Wherever a heavy hand was laid, pointless difficulties arose. A handful of governors -- New Jersey's Chris Christie, New York's Andrew Cuomo and Maine's Paul LePage -- decided that they just had to invent their own weird quarantine protocols and force them upon members of the medical community, a move that did no good for anyone and only fostered meaningless confrontations. Louisiana Gov. Bobby Jindal took things a step further by asking some of the world's top minds on Ebola to stay out of his state and not attend a scheduled conference of the American Society of Tropical Medicine and Hygiene -- a move that probably had Brown University reconsidering whether Jindal deserved the biology degree they'd conferred upon him.
The better strategy was to let calm and cool heads prevail, something that President Barack Obama was well-suited to implement. Dismissing the calls to impose dramatic travel bans and constantly supporting the work of the medical professionals tasked by the government to preside over public health crises, Obama projected steadiness while keeping out of the way of the people doing the work. Needing to check off the "DO A THING OMG" box, Obama appointed Ron Klain to be America's "Ebola Czar," and then Klain did what the job demanded: keeping the White House out of hot, hyped headlines. (Obama's decision to demonstrate his confidence in the people tending to the outbreak by meeting with them personally -- even shaking the hands and hugging those who were exposed -- was a nice touch.)
And while there were some moments where he veered slightly into the wrong lane, then-Texas Gov. Rick Perry succeeded in getting out on the right foot when Ebola came to Texas. "This is all hands on deck," said Perry. "We understand that and we've got great local partners. Everyone has their marching orders and understands the importance of that good collaboration." In the space of a few sentences, the oft-maligned Perry communicated everything essential -- he projected a sense of mission, he emphasized the competence of the major players and he offered a sense of certain optimism.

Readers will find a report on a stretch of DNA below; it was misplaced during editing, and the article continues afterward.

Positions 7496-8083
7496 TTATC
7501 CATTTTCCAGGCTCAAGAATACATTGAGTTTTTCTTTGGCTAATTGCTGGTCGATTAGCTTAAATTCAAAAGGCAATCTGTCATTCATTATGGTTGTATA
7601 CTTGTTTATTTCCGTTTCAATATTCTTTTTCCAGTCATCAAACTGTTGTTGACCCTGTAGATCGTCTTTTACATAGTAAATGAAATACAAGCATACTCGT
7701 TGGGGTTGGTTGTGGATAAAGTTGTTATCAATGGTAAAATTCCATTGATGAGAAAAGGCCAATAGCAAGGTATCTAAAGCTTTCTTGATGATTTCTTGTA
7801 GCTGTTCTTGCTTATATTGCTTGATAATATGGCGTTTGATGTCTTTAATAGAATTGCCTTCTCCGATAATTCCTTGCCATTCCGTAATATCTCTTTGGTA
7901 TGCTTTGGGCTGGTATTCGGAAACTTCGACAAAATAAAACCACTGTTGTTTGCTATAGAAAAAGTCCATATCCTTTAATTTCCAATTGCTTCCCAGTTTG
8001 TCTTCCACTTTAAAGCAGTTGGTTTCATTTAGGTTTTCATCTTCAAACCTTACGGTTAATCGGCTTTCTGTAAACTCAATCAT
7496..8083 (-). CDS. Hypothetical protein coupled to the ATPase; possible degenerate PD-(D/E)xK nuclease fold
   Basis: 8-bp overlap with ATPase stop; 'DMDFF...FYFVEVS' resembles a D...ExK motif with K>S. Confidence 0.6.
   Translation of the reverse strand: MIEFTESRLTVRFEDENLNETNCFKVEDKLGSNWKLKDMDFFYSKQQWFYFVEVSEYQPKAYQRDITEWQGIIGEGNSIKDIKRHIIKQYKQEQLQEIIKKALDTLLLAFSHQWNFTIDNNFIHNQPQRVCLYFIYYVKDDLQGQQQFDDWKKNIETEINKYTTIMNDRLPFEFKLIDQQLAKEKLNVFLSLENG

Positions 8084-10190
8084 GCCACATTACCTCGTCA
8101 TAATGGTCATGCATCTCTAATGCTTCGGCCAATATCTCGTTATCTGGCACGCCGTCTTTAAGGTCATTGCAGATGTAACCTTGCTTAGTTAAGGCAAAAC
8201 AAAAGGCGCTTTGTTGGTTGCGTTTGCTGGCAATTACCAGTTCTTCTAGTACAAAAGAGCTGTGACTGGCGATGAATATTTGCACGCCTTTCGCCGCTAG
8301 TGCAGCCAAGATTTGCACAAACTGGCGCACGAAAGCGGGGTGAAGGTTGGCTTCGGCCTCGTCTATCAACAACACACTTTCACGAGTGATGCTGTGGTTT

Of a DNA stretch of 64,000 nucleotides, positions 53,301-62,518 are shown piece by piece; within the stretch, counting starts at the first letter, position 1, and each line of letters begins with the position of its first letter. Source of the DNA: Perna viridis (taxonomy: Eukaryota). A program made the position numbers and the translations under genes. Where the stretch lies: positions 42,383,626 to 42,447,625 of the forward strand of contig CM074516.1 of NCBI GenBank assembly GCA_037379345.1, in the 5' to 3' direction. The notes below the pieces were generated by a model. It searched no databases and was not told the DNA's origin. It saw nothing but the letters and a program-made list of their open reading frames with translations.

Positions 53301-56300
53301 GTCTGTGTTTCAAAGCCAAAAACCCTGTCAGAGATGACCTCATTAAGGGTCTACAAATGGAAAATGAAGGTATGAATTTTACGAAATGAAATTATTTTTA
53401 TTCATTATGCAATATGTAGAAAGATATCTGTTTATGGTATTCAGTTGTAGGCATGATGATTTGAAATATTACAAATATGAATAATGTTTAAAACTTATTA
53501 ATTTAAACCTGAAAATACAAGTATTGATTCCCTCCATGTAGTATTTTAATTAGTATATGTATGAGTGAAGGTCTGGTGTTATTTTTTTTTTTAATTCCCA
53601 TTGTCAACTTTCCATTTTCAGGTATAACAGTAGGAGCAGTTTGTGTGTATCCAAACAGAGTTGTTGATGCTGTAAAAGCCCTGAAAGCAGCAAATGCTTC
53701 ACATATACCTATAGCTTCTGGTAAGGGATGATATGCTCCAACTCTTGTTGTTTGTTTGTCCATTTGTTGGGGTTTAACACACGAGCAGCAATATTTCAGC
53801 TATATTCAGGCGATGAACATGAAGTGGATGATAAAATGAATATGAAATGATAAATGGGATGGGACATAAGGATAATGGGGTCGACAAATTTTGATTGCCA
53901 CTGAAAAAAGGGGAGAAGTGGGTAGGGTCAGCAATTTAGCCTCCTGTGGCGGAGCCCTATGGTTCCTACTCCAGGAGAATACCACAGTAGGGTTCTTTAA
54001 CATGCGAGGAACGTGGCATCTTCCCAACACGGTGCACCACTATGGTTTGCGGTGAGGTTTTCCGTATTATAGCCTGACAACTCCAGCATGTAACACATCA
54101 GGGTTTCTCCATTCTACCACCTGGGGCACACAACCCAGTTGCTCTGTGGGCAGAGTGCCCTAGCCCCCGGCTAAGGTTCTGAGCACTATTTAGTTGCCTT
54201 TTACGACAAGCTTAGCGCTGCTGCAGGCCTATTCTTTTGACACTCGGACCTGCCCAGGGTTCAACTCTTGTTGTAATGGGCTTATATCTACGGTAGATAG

All of which suggests that the ideal rubric for politicians when it comes to responding to a public heath crisis is: stay calm, don't get clever and don't feed fear. Basically, if you're the sort of politician that imagines that the military's Jade Helm 15 exercises are a super-secret plan to take over Texas, you aren't well-suited to lead in an Ebola crisis. (Looking at you, new Texas Gov. Greg Abbott, who Perry has already criticized for this precise overreaction.)
For the media, reach out to experts and deny airtime to the cranks. I've written extensively already on the media's particular failings in covering the Ebola outbreak, as well as those who served as exceptions to the (mis)rule. So I won't repeat myself. And neither should the media -- they should have already done some extensive soul-searching about the botch job they perpetrated on the public.
The good news, of course, is that now Liberia has passed a test that Nigeria, Mali, Senegal, Spain, the United States and the United Kingdom have already aced -- the successful conquering of an Ebola outbreak. That means that should an outbreak flare up again, the media can turn to the heroes of this last one as their sources, and use that deep well of calm, confident expertise to help shape the coverage. All of the cranks and yokels and con artists who led the media in a pitched, irrational frenzy can be kicked to the curb, in lieu of those who actually went out and got the job done.
Pay attention to the road ahead. As great as it is to see Liberia conquer this Ebola outbreak, how well it handles the next one is going to depend heavily on what lessons are learned and how quickly systemic change happens -- economic assistance, better and more sustainable hygiene practices, health care system development and political stability will all play a role.
As Karin Landgren, the United Nations' special representative of the secretary-general in Liberia, told the U.N. Security Council last week, “Now is the time to address factors which contributed to Ebola’s spread, in particular, weak social service delivery, lack of accountability and overly centralized government.”
She outlined the vulnerability of Liberia’s extractives-based, enclave economy to sharp drops in commodity prices and efforts to strengthen the economy, as well as steps to push through a security transition and measures to combat corruption.
She also pointed to “long-standing societal divisions” that were as yet not healed after years of conflict and which threatened to deepen during the Ebola outbreak, noting the Secretary-General’s call for justice and addressing of past violations to secure a stable future, and stating that “national dialogue about social exclusion, and about the crimes of the past, remains muted at best.”
As The Times reported Monday, Liberia will have to deepen and sustain the health practices adopted during the outbreak, as well as act on fixing many of the systemic problems with health care delivery. In an email to The New York Times, Liberia's health minister, Dr. Bernice Dahn, wrote, “We are being extremely cautious... Ebola highlighted our health system’s weaknesses."
Be glad! Look, we don't often get a chance to say this, but in the case of the West African Ebola outbreak, the good guys are winning, and lots of people who might have otherwise perished are alive today. So don't forsake the opportunity to just be happy about this. With calls for sustained "vigilance" emanating from Liberia's president and the World Health Organization, hopefully this will be some good news that persists a long while.